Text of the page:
Shaping Consumer Demand for Healthier Eating

Convergence and CBI convene a conversation around the promotion of healthier eating.

Background and Challenges

Washington is no stranger to food fights. Public health organizations, supporters of sustainable healthy food, advocates for the nation’s hungry, and large food companies have long fought over a range of food policy issues, from school lunches, to sweetened beverages, and eligibility for SNAP and WIC programs. The conflict over the role of government in the nation’s diet is ongoing and remains unresolved.

In this contentious climate, Convergence’s Project on Nutrition and Wellness (PNW), with CBI as the lead facilitator, sought to identify a potential set of narrower issues where traditionally opposed stakeholders could collaborate to advance shared interests. After conducting one hundred interviews with a range of diverse stakeholders, Convergence and CBI identified key principles to move forward on the dialogue.

  • Focus the conversation on non-policy action. Convergence/CBI realized that the domestic food policy ecosystem was already saturated with policy efforts and most of these in the realm of Congress, USDA, and FDA were highly contentious. The team thus concluded that non-government actions would be more likely to engage these diverse stakeholders.
  • Focus on how to shape and shift consumer demand to eat healthier. Recognizing that there was already substantial work being done on the supply side (reformulation of products, restricting certain kinds of products), the project team concluded that an area needing more attention was shaping demand for healthier eating.

The CBI and Convergence Approach
Through a series of conversations stakeholders identify consumer barriers and touch points in the market to influence healthier eating. 

First Conversation

Convergence/CBI held an initial roundtable to pilot the potential for these diverse stakeholders to work together. Many participants were not even sure if they could sit “at the same table” with one another, given the intense feelings and fighting that had gone on. We carefully prepped all participants prior to the forum in individual, confidential phone calls and meetings. CBI and Convergence carefully designed this first forum to ensure numerous opportunities for dialogue one on one, in small groups, and as a full group. We received real time feedback and commentary confidentially through texting and emailing in real time throughout the two days. This initial forum focused on identifying shared values and understanding perspectives rather than attempting to even begin to explore concrete solutions. Enthusiastic about the success of this initial meeting, the Robert Wood Johnson Foundation agreed to support the project.

Given that so many resources are already given to promoting healthy eating among people 18 and under, the group decided that focus should be low- and middle-income adults and families as a consumer base that is interested in eating healthier, but often strapped for both the time and the money to make healthier eating a priority.

On-Going Dialogue

Through quarterly meetings with participants, including insurers, physicians groups, consumer package groups, large grocery retailers, public health advocates, and non-profit groups, including YMCA and Feeding America, the conversation focused around identifying the various consumer barriers and touch points in the marketplace and how best to influence purchasing and eating behaviors. Through dialogue we explored a host of pilots, innovations, and sectoral roles in shaping demand. Some of these included the following.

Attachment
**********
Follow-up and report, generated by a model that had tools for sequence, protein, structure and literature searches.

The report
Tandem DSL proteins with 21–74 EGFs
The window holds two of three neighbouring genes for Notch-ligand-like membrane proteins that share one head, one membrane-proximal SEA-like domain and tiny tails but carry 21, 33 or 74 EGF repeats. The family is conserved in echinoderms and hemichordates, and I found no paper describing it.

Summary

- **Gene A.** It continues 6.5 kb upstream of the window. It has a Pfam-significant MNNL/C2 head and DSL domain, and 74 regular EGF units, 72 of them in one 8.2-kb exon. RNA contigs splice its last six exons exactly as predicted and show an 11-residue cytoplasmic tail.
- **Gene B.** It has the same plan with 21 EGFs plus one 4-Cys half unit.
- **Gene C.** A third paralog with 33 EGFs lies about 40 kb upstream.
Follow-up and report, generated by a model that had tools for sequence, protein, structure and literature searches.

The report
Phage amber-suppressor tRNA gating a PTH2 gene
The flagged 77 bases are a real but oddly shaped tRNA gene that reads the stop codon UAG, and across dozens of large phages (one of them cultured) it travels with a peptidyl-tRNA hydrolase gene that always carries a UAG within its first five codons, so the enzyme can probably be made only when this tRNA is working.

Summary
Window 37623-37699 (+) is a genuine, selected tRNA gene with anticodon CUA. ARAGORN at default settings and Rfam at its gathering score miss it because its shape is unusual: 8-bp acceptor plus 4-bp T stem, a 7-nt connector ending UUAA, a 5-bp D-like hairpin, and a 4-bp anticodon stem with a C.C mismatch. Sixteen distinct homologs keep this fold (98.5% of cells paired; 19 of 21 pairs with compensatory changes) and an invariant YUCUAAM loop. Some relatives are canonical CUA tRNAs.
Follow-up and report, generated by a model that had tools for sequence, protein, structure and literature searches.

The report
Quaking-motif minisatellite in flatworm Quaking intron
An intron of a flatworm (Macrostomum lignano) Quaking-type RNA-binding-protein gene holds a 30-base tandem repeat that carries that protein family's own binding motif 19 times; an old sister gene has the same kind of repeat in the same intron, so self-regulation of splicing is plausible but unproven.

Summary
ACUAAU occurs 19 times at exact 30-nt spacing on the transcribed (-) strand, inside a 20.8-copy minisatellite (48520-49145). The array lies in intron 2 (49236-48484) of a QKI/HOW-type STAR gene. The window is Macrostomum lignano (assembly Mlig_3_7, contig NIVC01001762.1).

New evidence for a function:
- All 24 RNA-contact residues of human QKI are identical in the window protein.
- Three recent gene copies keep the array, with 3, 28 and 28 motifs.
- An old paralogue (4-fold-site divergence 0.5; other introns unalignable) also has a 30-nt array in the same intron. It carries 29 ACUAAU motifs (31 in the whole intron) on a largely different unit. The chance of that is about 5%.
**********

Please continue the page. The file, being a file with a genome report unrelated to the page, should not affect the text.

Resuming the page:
• Grocery Retailers - The placement of products on shelves and promotion of healthy foods via end cap sales influence consumers. In-store nutritionists can effectively promote healthy meal options and more can be done to connect in-store pharmacies to encourage and incentivize healthy in-store grocery purchases. Rewards cards can be linked to “nudges” for encouraging similar products with healthier profiles and even to employee wellness programs. 
  • Employee Wellness Programs - Employers can influence demand for healthier eating through the encouragement of weight watchers and other health programs that couple healthy competition for weight loss, counseling, coaching and financial incentives, as well as screenings. Offices can also determine what food options are available via their vending machines and cafeterias. 
  • Health Insurance - Given the installment of the Affordable Care Act, there is a role for insurers to play in incentivizing healthy eating, particular through community benefits programs. 

Stakeholders identify a range of innovations to encourage healthier eating and help to develop the Grocery Retail Scorecard

From this dialogue about healthier eating, stakeholders gained a deeper understanding of the barriers and incentives faced by consumers, grocery retailers and convenience stores. The group also identified a range of innovations to address low-income populations, marketing opportunities, and links between sectors, such as health insurance and grocery retail purchases. Some of PNW’s outcomes include:

  • Cultivating a set of highly engaged food retail stakeholders (grocery; convenience stores) that serve as both advisors and testing grounds; 
  • Undertaking a credible market segmentation of key populations to influence; 
  • Convening universities and colleges and low-Income nutritional health experts to address barriers and opportunities to grow demand; 
  • Developing a “better-for-you” platform with the National Association of Convenience Stores that includes new products, new promotions, and new store layouts; and, 
  • Completing a Grocery Retail Scorecard with the Cornell Food and Brand Lab, a tool of about 100 evidence-based tactics to grow sales of healthy foods and nudge customers to healthier purchases.

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